Sraml’s Vibrating sorting tables are made of stainless steel. The vibrating motion enables a uniform distribution and movement of grapes over the surface of the table. They are fitted with perforated sections enabling healthy and ripe grape berries to be kept separate from leaked juice, plant material and poor-quality berries. Both types of sorting tables must have variable operating speeds, since this enables control of the speed-to-efficiency ratio. The main disadvantage of sorting tables is the need for workforce to carry out the difficult separation of large numbers of berries.

TIP: As well as sorting, these tables ensure that grapes are uniformly dosed into the destemmer. Berries, skins, stems and seeds can be damaged if the destemming speed is too high and grapes are not dosed uniformly. Through intensive physical intervention, substances and juices that have a negative impact on final quality can be removed from parts of the cluster. Damage can be largely avoided by uniform and controlled dosing of the grape mass into the destemmer. Variable-speed sorting tables can be adapted to the optimal speed of operation, depending on technological equipment and the condition of the grapes.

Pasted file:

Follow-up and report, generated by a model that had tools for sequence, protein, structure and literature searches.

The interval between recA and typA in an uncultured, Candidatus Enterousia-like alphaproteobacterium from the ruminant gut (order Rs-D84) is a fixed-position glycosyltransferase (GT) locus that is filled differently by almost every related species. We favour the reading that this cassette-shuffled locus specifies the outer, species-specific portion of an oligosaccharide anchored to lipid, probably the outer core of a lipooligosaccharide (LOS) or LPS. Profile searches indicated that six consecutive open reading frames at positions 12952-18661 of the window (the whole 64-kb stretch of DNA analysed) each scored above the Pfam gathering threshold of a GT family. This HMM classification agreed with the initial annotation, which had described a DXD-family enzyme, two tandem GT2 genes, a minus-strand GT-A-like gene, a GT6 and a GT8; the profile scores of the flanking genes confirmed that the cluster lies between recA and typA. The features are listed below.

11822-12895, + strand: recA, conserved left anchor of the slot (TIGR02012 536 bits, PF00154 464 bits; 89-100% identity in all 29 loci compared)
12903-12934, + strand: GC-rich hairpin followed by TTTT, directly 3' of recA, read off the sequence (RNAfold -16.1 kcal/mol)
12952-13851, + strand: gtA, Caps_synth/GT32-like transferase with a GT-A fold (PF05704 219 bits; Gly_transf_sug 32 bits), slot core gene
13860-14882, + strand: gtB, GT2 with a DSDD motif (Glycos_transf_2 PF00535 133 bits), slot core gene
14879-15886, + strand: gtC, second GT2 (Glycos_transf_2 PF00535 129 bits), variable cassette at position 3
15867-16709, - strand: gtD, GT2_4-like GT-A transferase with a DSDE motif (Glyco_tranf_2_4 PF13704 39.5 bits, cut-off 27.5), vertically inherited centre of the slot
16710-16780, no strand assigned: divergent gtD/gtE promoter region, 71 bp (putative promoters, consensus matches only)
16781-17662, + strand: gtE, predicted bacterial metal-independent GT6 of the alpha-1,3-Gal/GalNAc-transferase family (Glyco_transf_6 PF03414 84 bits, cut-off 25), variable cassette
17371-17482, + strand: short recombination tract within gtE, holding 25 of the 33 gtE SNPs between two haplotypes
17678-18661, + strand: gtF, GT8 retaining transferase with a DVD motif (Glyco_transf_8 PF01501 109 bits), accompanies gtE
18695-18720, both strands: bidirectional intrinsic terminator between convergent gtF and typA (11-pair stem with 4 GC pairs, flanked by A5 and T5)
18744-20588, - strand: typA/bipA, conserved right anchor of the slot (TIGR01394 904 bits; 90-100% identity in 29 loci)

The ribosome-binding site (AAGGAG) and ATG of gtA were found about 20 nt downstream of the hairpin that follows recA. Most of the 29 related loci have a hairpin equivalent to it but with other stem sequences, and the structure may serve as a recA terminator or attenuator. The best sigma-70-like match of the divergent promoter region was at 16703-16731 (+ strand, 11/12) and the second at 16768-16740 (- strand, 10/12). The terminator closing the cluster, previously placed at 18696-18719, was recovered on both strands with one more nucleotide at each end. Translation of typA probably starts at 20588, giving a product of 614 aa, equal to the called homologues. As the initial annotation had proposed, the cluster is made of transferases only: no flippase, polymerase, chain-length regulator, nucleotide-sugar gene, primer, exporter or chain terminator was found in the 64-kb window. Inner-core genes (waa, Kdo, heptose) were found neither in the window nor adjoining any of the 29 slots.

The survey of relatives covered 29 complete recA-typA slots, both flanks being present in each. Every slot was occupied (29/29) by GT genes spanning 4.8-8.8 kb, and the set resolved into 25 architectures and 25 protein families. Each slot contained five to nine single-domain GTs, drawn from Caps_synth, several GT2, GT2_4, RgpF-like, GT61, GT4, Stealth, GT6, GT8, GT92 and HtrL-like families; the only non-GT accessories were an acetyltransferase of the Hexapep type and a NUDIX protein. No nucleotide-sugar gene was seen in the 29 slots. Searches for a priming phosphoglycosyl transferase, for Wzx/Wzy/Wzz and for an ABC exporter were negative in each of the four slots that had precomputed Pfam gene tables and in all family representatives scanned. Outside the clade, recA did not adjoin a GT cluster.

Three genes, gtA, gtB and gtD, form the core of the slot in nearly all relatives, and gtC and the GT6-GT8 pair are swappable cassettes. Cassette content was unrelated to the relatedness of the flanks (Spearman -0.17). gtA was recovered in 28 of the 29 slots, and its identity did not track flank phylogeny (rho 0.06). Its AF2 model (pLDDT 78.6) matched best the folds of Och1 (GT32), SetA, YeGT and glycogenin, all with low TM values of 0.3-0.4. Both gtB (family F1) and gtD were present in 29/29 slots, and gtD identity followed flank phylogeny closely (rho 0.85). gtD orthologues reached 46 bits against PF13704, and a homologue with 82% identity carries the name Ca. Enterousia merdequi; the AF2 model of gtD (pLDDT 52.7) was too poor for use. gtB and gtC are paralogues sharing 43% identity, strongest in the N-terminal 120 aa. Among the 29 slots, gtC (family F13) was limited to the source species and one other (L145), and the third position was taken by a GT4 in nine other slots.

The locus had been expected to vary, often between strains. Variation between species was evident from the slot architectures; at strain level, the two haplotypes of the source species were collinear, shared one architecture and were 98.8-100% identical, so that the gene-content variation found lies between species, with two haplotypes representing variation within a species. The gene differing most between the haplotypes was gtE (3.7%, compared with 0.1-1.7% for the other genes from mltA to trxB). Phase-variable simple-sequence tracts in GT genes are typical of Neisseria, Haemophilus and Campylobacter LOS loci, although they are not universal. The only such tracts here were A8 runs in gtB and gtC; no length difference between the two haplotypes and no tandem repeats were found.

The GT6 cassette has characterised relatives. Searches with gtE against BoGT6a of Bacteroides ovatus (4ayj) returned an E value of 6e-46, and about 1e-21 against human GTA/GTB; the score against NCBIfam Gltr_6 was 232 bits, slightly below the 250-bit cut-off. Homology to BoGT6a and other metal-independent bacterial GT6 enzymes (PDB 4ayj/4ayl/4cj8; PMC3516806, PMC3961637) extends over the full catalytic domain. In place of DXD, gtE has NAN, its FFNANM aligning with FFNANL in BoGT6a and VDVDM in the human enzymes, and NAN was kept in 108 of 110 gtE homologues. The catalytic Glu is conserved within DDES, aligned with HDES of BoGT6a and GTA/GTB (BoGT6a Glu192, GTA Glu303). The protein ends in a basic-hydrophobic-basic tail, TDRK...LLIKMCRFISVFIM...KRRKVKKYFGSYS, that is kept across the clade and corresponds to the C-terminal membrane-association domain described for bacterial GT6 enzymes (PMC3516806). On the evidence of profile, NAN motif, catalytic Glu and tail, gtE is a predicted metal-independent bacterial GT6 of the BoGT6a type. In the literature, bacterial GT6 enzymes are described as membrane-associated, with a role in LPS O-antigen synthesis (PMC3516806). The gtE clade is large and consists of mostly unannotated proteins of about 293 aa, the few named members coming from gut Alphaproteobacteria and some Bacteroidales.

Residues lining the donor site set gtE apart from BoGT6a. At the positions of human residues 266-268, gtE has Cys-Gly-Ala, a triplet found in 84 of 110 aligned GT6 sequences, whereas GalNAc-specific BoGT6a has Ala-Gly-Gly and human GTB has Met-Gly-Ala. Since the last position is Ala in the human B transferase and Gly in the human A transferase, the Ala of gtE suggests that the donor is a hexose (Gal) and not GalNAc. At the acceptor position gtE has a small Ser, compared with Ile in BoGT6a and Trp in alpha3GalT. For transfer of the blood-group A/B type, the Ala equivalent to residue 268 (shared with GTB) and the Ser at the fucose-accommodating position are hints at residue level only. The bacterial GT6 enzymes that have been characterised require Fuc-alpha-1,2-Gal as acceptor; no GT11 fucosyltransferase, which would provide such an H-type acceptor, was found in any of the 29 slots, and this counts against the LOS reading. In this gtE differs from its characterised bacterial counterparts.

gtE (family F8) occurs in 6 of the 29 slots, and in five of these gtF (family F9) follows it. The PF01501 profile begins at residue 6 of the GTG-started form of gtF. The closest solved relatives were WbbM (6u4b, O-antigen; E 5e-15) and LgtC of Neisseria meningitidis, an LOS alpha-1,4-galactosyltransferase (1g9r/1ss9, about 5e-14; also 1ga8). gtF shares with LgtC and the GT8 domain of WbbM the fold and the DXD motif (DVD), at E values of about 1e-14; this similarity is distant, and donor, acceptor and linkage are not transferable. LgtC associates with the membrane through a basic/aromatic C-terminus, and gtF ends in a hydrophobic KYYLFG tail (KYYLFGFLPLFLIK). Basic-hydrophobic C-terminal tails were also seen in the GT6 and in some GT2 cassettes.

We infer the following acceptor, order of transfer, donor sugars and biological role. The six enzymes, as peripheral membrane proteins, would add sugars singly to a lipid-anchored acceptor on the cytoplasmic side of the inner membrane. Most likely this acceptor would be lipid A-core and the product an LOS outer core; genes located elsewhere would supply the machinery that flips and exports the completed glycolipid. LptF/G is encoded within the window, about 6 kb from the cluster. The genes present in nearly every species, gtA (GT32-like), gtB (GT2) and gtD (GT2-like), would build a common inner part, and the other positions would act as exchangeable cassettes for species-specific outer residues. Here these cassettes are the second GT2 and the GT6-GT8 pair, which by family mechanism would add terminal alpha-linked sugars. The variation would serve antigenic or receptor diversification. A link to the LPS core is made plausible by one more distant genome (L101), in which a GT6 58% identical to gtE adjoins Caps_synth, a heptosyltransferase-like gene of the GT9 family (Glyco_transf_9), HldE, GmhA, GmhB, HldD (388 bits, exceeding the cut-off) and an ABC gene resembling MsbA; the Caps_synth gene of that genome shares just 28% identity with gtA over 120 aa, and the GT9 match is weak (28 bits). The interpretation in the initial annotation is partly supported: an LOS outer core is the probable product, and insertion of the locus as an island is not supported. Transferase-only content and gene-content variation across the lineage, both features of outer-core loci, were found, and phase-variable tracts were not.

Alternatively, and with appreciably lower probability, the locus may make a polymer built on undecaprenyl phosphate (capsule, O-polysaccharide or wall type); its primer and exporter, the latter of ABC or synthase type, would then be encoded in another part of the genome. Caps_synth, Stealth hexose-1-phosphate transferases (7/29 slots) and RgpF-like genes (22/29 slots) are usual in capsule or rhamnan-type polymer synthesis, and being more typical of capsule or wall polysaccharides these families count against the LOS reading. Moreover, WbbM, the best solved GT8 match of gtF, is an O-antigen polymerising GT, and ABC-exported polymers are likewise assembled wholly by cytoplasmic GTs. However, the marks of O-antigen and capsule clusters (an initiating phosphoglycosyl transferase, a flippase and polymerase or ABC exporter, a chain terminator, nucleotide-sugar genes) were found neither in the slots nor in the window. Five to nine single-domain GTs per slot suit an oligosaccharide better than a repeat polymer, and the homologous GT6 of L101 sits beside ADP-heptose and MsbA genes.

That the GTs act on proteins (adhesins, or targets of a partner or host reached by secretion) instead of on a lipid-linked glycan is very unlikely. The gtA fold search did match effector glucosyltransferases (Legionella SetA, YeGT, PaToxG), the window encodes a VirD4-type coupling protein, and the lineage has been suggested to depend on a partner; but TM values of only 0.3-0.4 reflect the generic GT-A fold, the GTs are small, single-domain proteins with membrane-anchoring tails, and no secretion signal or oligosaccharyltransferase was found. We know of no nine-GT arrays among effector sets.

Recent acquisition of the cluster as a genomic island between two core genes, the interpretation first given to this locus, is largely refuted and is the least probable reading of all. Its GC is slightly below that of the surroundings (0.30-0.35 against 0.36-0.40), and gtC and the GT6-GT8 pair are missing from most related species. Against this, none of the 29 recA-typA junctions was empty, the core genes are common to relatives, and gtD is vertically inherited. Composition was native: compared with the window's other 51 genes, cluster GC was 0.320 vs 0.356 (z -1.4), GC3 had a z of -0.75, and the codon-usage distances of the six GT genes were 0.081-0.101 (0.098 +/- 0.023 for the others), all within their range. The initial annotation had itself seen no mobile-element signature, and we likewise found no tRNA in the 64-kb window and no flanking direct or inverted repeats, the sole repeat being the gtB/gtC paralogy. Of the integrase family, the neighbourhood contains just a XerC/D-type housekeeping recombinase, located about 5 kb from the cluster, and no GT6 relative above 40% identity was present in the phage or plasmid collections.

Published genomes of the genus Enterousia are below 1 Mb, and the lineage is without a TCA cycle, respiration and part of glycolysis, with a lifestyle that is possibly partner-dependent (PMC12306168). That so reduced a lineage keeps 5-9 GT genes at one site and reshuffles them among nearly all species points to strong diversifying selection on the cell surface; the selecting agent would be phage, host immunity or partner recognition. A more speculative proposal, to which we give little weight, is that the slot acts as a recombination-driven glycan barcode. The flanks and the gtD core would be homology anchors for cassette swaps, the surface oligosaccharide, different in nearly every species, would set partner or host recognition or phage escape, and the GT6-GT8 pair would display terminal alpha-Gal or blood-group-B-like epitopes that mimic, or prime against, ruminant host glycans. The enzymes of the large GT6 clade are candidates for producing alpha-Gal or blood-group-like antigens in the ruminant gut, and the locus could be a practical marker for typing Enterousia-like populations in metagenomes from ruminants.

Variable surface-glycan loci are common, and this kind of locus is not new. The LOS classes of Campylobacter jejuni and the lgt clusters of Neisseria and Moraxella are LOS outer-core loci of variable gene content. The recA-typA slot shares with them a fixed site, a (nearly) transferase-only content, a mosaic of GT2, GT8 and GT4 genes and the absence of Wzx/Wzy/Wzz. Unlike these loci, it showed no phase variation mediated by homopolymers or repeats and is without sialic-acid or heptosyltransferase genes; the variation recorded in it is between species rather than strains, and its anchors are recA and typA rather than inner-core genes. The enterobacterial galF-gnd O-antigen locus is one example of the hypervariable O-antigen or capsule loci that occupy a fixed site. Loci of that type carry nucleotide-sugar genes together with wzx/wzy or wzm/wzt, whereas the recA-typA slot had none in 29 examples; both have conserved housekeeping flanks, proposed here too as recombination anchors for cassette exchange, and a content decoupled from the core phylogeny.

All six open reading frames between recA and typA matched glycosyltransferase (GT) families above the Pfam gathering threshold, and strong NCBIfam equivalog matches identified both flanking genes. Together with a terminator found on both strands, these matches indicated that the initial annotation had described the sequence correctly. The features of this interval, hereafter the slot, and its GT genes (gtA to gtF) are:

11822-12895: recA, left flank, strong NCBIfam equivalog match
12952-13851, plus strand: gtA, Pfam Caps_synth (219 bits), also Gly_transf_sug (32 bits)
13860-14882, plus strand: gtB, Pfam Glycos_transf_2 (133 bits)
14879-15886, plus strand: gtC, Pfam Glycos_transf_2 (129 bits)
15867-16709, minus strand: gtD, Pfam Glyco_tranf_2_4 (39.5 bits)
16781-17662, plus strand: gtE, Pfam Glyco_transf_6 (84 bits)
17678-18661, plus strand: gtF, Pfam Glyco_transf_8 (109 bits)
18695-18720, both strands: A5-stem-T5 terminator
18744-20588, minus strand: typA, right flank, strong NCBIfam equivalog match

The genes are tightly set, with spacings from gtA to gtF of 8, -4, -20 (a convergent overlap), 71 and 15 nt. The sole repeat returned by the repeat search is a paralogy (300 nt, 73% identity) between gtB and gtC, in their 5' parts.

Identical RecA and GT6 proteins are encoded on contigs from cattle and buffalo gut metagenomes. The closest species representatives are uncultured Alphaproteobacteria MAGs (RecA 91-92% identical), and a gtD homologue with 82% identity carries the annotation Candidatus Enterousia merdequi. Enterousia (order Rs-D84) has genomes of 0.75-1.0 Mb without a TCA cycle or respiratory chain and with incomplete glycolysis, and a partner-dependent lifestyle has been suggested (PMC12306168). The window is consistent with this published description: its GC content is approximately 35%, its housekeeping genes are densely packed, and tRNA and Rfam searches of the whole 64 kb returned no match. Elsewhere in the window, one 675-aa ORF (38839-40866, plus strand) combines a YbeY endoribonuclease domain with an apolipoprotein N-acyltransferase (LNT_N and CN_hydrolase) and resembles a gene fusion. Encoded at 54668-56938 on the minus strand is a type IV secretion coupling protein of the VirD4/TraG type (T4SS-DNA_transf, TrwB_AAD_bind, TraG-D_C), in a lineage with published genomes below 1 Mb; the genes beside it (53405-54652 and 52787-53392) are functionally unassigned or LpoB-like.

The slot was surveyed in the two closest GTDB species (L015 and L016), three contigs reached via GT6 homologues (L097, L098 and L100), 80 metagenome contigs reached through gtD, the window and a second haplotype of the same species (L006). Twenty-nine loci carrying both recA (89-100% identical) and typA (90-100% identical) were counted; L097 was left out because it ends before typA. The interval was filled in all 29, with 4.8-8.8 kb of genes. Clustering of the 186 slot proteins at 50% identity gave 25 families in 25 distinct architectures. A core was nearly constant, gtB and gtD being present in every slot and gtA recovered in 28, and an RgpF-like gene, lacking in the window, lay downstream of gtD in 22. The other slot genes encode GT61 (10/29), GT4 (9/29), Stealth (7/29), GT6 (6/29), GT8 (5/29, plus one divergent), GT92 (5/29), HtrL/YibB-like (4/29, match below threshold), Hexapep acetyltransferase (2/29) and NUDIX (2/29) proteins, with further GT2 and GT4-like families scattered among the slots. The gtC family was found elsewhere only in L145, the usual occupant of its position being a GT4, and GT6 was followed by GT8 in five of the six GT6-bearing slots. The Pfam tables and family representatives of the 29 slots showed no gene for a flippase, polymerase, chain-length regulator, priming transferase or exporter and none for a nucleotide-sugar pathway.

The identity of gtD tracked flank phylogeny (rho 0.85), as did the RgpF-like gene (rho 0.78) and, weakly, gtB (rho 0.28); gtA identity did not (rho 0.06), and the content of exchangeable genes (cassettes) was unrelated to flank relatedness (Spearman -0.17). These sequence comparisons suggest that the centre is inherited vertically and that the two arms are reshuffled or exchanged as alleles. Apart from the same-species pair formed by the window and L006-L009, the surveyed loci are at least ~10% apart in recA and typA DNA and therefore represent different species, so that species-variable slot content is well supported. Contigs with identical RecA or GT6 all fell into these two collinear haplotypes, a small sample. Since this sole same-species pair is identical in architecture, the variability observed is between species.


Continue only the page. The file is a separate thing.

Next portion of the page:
Automatic sorting on the basis of berry compactness

Sorting grape berries after destemming is an important process that benefits quality. Whole and compact berries can be separated from damaged, soft and infected berries and other particles, usually the remains of stems. Conveyor-belt or vibrating sorting tables are most commonly used for this process. As well as moving the berries rectilinearly, these allow the drainage of leaked juice from damaged berries. A disadvantage of manual selection is the difficulty of sorting crushed and damaged berries.

Although the destemmer removes the great majority of stems and leaves, it cannot eliminate other unwanted small particles (trellis clips, splinters, bark, slugs, insects) or crushed, unripe, rotten, dry or disease-affected berries or leaked juice, etc. Even a small quantity of unsuitable grape raw material can have a negative effect on the further wine production process.